The the pigment on the area around the hood pins on the Montini kept flaking off the decal paper. Rather than pull off the decal, I just laid another exactly over top the first. The colours get really saturated when you do this. The third layer of decal finally held fast.

The most important thing about this whole process is patience - especially when applying your home made decals. Since you're printing your own, if you mess one up when you're applying it, you can always cut another from your printout.

I hope this explanation of my approach helps readers create their own custom liveries.

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Van, very nice write-up!

I have a relatively cheap ($200 or so HP inkjet) and I do my own decals too when I need them. It is a great way to obtain decals that are tough to obtain commercially or when you want to do custom decals or just plain DIY. Your article, though, is a great reference for anyone wanting to try it. Thanks for the input!
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Really well done tutorial!
The test printout with the transparent real car in the background is a really good idea. Controlling of the length and width is even easier with it!
I would just print black typo on clear decal foil.
Putting the pics on top of the pages after fitting test, cut just the stripe and reuse the rest of the expensive paper the next project (remember, your paper has not the same height any more

The ones who don't have access to photoshop can use the free gimp software. It has all functions needed for this.
Also other programs with layer technique are working. Vector programs like Illustrator, Freehand or Flash and Corel draw are perfect.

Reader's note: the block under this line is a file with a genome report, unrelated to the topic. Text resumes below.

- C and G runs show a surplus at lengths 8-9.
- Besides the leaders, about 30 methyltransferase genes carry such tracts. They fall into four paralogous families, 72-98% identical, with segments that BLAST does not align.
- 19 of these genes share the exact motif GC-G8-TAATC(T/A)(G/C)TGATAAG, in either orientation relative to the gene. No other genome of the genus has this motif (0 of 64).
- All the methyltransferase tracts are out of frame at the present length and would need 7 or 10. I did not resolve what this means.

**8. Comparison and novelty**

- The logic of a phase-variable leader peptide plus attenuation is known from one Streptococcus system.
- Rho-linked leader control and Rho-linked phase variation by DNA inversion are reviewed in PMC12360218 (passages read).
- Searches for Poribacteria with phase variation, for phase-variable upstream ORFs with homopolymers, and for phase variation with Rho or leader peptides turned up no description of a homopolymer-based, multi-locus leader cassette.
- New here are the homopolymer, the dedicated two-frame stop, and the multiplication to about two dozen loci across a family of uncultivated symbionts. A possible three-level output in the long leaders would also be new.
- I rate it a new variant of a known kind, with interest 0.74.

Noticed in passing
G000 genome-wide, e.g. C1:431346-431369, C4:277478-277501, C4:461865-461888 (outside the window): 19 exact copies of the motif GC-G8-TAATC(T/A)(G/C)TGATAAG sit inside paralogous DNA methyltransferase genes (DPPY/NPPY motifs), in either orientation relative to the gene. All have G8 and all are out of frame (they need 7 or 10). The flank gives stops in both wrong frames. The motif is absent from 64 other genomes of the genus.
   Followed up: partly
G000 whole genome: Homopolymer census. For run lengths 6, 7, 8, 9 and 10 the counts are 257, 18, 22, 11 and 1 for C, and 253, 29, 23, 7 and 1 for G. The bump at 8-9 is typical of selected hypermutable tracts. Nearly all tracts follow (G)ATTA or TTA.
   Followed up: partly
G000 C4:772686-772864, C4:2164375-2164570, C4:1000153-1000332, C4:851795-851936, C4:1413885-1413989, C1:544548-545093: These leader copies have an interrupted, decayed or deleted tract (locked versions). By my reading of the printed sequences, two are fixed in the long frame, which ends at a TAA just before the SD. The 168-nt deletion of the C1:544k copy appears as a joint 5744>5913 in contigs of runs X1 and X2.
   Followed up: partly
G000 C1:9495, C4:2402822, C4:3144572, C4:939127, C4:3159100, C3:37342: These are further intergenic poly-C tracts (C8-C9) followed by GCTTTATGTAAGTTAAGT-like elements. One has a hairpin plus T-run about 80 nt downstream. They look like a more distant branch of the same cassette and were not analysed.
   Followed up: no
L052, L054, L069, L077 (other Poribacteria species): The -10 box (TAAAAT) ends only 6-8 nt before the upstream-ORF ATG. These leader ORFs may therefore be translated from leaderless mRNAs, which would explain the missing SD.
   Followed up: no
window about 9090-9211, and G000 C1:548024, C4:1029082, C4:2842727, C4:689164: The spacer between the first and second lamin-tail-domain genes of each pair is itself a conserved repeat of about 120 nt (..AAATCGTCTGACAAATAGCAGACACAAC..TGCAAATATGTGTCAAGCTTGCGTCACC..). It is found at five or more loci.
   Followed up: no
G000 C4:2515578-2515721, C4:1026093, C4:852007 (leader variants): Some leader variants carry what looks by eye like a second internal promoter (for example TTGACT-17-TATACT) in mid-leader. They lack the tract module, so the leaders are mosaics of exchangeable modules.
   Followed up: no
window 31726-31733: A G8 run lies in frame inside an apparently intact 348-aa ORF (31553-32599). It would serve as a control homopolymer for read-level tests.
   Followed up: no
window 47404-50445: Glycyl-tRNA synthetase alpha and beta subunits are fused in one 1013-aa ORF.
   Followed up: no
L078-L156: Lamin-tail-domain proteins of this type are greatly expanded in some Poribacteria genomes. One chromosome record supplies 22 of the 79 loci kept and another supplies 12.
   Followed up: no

Your cars are looking excellent, Dr Vanski

This is a fantasy Martini livery I did in the same way
(clear coat still missing, white bodies are easy

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Thank-you for the kind words you guys.

Nice Martini-Porsche Knacki!
I wanted to bring some Euro class to a NASCAR proxy race I was entering so thought I would have some fun with a NASCAR. The Martini livery is my favourite. I sent these cars off for the GPR with Pattos decals. He uses an Alps printer for his decals.

Illustrator or Corel Draw are better suited to this kind of work. I use Photoshop because that's what I know how to use. I work with 300 dpi files to keep the artwork sharp.

I've wasted a lot of expensive decal paper trying to do custom liveries on proxy and club race cars. I hope I can prevent a few of my slot-buddies from making the same mistakes and leave more slot $$$ for new cars and parts.

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Thanks, but is still far away from your quality. Photos can bring out tiny things but also can hide a lot
It was my first try: too much ink, too much water, too old printer, too long stripes.
With your advices, next will be better

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Excellent piece Dr V

Definitely one to file away for future reference.


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great piece ,it answered many questions I had,thanks.
I assume you are using white decal paper on the McLaren.
Can you please tell me what brand?